Pockets reflected the differences per contractor, particularly with regard to the cut of the flaps. Some flaps were more rounded, others more pointed, some with a more scalloped shape and others a with a simpler angular shape. This is not to say that variations did not exist within a single contractor, in my research they did exist, even on the same jacket. It seemed that getting the same shape every time was not so simple a task because of the mass prodeuction of the A-2. One characteristic that A-2 pockets definitely did not have was the side-entry or "hand-warmer" secondary pockets. This was strictly a commercial embellishment. Another characteristic which is often ignored in replicas is the placement of the pockets relative to the zipper. Authentic A-2's have a sizable spacing between the zipper or center of the jacket and the edge of the pocket, essentially placing the pocket toward the wearer's side. Many replicas that I have seen place the pockets much too close to the center and they just look wrong. Also contrary to many of the much less authentic jacket copies is that the A-2 has only the two outside patch pockets and has no inside pockets of any kind. So keep this in mind when shopping for your A-2. Again U.S. Authentic was faithful in the pocket contruction and placement. The pockets on my A-2 are hybrids containing all the best characteristics taken from several original A-2 manufactors such as: The Rough Wear pocket with rounded corners and gently curved flap. The Werber pocket with box-shaped reinforcement stitching. The Bronco pocket snap reinforcement with a rounded tongue extension. All of these details make up the U.S. Authentic pocket constuction. The only thing lacking is a pocket lable with size and inspectors numbers and stamps, but I can overlook that detail and you should too. If you have to have such detail in your jacket then be prepared to pay Eastman over in England or Aero Leather Co. over in Scotland about $800.00. As for me, I would like my jacket made in the U.S.A.!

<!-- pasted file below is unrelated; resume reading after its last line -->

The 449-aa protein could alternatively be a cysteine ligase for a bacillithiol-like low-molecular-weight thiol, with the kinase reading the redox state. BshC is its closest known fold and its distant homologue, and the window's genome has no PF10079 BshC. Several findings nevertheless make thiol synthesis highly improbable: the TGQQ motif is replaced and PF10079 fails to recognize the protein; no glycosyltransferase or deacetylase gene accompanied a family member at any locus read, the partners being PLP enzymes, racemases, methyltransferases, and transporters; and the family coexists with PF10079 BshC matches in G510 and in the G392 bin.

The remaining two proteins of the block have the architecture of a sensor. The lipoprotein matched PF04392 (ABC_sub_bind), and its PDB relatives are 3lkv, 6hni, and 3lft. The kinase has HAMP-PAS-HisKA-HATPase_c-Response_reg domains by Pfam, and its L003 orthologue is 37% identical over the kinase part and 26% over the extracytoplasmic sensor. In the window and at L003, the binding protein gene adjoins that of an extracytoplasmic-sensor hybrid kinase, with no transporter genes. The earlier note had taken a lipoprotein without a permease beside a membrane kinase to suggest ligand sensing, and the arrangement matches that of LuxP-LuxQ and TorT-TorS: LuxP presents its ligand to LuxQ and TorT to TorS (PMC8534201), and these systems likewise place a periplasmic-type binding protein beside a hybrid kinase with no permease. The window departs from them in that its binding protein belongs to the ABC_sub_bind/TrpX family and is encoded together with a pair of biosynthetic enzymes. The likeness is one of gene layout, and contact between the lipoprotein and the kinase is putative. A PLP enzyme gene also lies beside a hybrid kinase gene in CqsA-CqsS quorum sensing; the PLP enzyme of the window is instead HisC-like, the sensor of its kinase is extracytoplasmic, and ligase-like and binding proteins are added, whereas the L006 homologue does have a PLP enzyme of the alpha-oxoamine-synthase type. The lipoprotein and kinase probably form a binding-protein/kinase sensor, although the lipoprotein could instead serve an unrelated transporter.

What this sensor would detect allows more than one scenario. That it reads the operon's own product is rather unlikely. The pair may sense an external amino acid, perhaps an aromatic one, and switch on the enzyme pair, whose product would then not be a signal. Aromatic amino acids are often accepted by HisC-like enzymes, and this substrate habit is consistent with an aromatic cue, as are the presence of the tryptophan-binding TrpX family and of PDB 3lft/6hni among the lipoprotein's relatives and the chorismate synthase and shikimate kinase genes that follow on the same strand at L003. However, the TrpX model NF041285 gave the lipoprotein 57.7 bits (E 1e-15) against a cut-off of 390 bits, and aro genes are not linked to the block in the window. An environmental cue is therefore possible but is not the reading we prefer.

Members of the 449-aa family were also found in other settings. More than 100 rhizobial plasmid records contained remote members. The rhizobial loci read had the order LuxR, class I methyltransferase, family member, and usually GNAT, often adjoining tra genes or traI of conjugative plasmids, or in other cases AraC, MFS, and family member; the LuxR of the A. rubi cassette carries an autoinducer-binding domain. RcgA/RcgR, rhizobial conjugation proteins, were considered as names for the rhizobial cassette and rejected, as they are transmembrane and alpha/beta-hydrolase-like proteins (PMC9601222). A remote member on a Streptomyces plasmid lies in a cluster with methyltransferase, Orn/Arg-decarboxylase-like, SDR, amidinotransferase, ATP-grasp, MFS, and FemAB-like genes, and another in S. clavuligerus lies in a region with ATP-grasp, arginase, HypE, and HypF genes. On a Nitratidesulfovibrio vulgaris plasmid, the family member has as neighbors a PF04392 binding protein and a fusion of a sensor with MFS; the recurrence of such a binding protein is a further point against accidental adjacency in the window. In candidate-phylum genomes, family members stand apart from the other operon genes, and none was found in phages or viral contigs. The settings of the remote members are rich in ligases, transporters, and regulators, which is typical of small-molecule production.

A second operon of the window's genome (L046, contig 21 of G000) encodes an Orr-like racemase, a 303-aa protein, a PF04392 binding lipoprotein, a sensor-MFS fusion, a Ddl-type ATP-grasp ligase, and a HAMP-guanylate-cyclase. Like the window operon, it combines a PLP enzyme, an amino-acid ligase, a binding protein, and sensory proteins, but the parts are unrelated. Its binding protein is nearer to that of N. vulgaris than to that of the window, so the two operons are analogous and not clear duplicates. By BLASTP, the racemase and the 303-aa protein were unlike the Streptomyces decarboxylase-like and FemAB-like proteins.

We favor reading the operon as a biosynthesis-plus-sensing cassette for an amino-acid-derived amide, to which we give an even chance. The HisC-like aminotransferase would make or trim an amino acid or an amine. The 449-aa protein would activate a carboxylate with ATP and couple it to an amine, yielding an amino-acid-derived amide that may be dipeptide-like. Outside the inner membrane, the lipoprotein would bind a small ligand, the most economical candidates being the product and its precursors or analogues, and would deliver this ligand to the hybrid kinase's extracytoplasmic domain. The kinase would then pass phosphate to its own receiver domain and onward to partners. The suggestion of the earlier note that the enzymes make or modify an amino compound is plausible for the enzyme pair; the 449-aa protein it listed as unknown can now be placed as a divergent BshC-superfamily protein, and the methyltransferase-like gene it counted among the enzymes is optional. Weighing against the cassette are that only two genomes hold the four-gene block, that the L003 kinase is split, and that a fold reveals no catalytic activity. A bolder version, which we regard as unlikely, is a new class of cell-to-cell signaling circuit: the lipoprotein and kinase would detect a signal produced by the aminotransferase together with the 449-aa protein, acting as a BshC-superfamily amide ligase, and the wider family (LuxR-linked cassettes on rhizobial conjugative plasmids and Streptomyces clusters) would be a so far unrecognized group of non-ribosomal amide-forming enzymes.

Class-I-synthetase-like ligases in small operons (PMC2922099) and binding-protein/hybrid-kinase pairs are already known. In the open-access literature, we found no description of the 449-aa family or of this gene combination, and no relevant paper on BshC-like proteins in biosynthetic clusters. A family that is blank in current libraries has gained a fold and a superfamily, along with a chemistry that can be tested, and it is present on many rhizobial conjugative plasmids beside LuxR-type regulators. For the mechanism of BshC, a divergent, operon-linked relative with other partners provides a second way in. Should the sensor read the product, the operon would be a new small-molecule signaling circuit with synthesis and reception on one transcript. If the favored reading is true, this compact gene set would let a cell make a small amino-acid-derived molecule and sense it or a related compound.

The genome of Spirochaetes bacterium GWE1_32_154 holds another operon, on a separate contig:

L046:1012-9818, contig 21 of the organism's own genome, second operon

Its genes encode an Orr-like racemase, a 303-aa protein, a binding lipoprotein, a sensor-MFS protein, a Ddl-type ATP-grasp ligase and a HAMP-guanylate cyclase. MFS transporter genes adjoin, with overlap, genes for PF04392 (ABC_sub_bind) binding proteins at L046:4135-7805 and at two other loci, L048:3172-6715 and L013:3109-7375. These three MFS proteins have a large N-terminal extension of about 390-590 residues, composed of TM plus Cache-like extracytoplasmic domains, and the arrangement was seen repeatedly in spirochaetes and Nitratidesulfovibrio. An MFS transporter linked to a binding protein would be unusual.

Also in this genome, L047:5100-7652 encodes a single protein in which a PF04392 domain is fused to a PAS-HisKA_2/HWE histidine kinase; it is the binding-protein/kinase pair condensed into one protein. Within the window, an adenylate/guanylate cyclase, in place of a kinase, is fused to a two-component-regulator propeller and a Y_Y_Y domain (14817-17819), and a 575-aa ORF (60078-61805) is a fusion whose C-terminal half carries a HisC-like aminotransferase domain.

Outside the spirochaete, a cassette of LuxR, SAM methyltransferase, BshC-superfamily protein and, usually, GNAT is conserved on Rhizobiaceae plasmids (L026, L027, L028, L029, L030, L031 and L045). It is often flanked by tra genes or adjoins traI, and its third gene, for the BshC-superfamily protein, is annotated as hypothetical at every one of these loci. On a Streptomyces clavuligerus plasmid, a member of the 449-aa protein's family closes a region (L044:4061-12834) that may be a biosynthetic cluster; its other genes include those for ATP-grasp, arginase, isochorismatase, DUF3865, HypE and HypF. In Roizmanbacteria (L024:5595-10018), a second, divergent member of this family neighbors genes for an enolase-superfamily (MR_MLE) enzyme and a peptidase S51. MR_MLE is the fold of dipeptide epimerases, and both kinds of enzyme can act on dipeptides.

The early A-2's did have a silk lining up until about 1939-40, its procurement was found not to be feasible after 1941. I wonder why??? So the brown cotton lining you get with U.S. Authentic is the correct shade.
KNITING ON THE SLEEVES AND WAISTBAND:
Wool knitting was used for the sleeve wristlets as well as the waistband. These were brown like the jacket, but again I found there were variations in shade from dark to medium brown to an almost reddish hue as typical of many Aero Leather jackets. Wristlets had a double weave, looser on the top half (toward the sleeve attachment) and tighter toward the bottom (end). U.S. Authentic got this detail right as well.
A woven specification label that was sewn into each jacket generally followed a this format: The TYPE A-2 followed by the drawing number (30-1415), the contract or order number, the manufacturer, and the proclamation that the jacket was Property, Air Force, U.S. Army. The size appeared on a small and separate label sewn at the bottom edge of the main label.
U.S. Authenic's label is a good one and looks like one that would have been made back during WW II.